The South African National Defence Force (SANDF) in the form of its SA Military Health Service (SAMHS) animal health directorate is now and will in future work closely with the National SPCA on animal welfare issues.
This follows a December interim High Court order granting the animal protection and welfare organisation entry to the SA Army Specialised Infantry Capability (SAASIC) base in Potchefstroom. SPCA inspectors visited the North West province base a second time a few days later following a final High Court judgement on December 18. The court hearing was brought by the NSPCA following allegations of mistreatment mainly of horses by the SANDF.
More than 50 horses were inspected by two NSPCA equine specialists. Welfare concerns such as the provision of hoof care, nutrition, suitable shelter and attention to medical conditions as well as the timely treatment of injuries were all discussed at length. Injuries and concerns were noted and dealt with promptly by SANDF personnel.
“The military has committed to open lines of communication with the NSPCA as regards animals in their care. An agreement of mutual interaction and information sharing will ensure no animal’s welfare is ever compromised and animals aiding in the protection of South Africa’s borders receive all the necessary care and commitment,” NSPCA’s Wendy Willson said.
Apart from providing veterinary clinical care for all SANDF dogs and horses, the animal health directorate is also tasked with sustaining a canine capability for the force.
This includes acquisition of dogs either by breeding or selected procurement, training of both dogs and all related human resources, placement of dogs at specialist units as well as constantly managing dogs’ welfare.
SAASIC is manager of the SANDF equine capability and is responsible for acquisition, training, care, feeding and stabling of horses in an advisory capacity. The supervisory capacity is the responsibility of the animal health directorate and clinical veterinary services.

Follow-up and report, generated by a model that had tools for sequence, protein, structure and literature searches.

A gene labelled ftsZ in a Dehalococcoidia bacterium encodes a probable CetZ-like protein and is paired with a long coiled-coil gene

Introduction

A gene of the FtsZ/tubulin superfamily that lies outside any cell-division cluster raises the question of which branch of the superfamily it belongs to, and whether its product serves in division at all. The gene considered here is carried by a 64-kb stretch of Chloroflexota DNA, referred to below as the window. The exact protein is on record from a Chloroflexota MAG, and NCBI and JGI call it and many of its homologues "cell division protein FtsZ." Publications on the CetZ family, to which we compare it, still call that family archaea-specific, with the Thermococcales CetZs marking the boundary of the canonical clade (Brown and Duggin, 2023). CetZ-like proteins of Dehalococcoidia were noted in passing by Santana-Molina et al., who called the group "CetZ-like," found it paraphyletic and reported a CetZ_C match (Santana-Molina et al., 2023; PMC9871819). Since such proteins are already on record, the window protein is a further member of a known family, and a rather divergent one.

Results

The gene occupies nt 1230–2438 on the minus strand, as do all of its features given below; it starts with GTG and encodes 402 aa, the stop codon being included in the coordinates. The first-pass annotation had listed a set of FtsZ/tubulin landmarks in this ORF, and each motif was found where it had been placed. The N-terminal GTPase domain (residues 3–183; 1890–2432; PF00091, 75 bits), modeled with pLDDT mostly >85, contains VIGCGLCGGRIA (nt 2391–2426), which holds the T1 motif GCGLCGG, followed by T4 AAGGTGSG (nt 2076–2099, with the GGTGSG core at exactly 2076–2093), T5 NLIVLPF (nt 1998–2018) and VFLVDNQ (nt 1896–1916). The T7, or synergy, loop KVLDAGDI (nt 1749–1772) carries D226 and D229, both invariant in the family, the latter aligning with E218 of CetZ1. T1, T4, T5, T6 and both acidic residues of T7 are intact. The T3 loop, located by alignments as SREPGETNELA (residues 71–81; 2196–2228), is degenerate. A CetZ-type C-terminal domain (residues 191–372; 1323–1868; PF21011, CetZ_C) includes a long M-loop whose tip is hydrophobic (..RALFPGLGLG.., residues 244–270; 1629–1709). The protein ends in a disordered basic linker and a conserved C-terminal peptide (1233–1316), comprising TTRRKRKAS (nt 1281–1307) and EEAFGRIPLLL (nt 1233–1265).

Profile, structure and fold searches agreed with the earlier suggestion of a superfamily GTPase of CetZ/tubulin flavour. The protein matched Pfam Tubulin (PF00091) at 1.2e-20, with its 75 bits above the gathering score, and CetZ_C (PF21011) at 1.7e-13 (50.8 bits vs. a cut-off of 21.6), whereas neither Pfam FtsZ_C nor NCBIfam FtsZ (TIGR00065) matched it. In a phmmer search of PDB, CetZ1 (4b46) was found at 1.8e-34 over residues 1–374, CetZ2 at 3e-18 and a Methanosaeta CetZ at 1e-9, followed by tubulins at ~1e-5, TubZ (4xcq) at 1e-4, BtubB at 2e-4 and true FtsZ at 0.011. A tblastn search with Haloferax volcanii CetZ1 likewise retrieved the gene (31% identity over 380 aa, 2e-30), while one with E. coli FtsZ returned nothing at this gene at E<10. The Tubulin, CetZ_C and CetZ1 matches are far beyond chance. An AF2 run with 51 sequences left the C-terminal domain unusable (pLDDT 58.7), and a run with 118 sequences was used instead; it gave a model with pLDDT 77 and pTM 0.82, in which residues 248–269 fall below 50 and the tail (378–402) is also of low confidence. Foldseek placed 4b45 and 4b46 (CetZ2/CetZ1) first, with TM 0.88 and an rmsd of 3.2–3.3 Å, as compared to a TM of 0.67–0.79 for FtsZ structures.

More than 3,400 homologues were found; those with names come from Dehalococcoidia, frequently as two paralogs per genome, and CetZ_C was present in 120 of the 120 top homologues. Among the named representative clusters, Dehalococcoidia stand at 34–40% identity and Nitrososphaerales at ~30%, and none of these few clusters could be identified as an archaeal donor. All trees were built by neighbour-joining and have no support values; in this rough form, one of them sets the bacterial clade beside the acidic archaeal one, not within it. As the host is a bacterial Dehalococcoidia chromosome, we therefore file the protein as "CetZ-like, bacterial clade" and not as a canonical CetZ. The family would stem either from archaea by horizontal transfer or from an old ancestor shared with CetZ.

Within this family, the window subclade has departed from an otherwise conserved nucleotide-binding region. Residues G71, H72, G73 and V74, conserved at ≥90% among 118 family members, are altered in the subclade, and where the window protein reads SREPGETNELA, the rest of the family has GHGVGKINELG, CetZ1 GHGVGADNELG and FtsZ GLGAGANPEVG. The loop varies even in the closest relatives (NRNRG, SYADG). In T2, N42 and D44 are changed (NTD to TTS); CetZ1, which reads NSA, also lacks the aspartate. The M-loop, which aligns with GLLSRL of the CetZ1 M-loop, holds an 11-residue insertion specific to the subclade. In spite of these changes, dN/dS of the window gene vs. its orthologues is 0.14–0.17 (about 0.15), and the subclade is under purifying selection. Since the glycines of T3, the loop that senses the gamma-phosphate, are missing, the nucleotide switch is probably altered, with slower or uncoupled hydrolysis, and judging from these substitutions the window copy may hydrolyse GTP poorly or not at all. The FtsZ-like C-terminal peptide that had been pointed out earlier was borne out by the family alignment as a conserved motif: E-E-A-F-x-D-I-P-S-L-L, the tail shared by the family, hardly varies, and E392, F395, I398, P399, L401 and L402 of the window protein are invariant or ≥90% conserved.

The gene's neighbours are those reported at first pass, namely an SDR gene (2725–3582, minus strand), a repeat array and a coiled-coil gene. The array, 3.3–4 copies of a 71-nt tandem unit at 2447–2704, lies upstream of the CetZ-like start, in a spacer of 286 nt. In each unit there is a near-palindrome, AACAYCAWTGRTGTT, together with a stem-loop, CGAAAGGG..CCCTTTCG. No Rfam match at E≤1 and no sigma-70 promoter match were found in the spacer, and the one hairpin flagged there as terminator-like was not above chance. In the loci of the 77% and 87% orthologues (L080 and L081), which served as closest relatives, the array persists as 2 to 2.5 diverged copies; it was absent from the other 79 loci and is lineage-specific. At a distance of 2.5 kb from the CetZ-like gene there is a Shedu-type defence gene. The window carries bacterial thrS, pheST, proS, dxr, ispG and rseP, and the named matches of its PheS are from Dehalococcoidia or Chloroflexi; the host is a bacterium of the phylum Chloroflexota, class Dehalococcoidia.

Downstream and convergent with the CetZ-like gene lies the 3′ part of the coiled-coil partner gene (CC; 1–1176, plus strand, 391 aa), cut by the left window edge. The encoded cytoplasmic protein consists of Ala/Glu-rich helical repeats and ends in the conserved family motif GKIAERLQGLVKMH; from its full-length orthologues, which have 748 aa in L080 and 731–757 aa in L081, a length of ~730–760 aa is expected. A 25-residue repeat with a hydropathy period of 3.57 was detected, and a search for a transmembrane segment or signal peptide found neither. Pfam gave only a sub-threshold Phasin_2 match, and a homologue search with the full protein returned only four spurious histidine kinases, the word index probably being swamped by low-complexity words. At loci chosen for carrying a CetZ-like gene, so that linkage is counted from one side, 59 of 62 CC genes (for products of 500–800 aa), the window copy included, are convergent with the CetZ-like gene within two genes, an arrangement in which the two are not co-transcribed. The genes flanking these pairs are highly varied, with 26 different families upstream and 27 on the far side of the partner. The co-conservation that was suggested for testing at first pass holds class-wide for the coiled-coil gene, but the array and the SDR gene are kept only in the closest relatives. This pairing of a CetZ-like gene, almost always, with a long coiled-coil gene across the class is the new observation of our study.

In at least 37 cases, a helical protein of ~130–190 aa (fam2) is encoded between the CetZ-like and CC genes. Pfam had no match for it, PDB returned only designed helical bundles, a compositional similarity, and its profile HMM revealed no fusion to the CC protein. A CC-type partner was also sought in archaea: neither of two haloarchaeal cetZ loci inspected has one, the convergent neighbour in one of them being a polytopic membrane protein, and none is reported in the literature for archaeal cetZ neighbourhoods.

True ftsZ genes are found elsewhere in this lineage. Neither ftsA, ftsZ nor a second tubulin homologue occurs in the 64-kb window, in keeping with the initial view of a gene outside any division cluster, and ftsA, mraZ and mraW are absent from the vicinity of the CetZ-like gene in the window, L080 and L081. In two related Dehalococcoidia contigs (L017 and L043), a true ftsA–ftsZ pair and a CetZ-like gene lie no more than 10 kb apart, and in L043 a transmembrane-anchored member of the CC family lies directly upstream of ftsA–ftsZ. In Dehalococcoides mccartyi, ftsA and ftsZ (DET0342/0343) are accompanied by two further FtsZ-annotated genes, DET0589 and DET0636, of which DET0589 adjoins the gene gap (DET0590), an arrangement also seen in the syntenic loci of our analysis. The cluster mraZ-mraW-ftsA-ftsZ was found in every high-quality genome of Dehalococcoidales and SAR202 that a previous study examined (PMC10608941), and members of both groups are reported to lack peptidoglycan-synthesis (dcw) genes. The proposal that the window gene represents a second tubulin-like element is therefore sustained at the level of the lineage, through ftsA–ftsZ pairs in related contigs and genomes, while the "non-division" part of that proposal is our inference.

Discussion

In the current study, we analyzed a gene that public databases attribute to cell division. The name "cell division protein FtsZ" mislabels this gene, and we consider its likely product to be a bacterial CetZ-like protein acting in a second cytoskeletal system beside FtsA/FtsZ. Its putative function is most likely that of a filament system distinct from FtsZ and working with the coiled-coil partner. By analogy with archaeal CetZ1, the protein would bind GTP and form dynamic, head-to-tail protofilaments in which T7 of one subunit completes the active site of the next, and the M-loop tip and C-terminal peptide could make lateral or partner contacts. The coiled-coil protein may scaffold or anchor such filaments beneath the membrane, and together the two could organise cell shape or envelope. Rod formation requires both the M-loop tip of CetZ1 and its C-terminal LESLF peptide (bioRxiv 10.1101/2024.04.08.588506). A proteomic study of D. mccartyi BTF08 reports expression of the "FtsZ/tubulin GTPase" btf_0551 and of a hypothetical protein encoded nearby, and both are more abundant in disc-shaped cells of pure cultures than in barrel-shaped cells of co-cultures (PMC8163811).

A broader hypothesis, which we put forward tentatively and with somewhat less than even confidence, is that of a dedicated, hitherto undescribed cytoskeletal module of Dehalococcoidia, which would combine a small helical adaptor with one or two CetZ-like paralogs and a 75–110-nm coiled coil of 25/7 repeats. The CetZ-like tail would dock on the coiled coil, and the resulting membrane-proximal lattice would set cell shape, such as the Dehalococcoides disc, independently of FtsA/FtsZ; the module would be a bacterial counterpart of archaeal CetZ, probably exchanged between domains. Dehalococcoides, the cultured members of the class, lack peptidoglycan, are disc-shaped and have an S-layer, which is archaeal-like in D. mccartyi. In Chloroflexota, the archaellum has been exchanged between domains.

“During operational deployments a veterinary orderly and farrier assistant, in the case of horses and when needed, are deployed. Additionally a veterinary support plan is drafted with a back-up support plan managed 24/7 by a veterinarian,” a SAMH spokesman said.
He added that veterinarians, veterinary nurses, technologists and orderlies as well as farriers, farrier’s assistants, kennel hands, dog handlers, trainers and instructors were all currently in the ranks of the animal health directorate.
“This is to ensure SANDF animals receive the best possible when it comes to care and training. At current personnel levels, SAMHS can cope with clinical demands as there are sufficient nurses and orderlies.
“Recruiting takes place continuously at schools and universities and bursaries are available for deserving young South Africans to study as veterinarians and veterinary nurses. On completion of their studies they are employed by SAMHS,” the spokesman said.
Because dogs and horses are deployed operationally the actual numbers of animals in service cannot be divulged.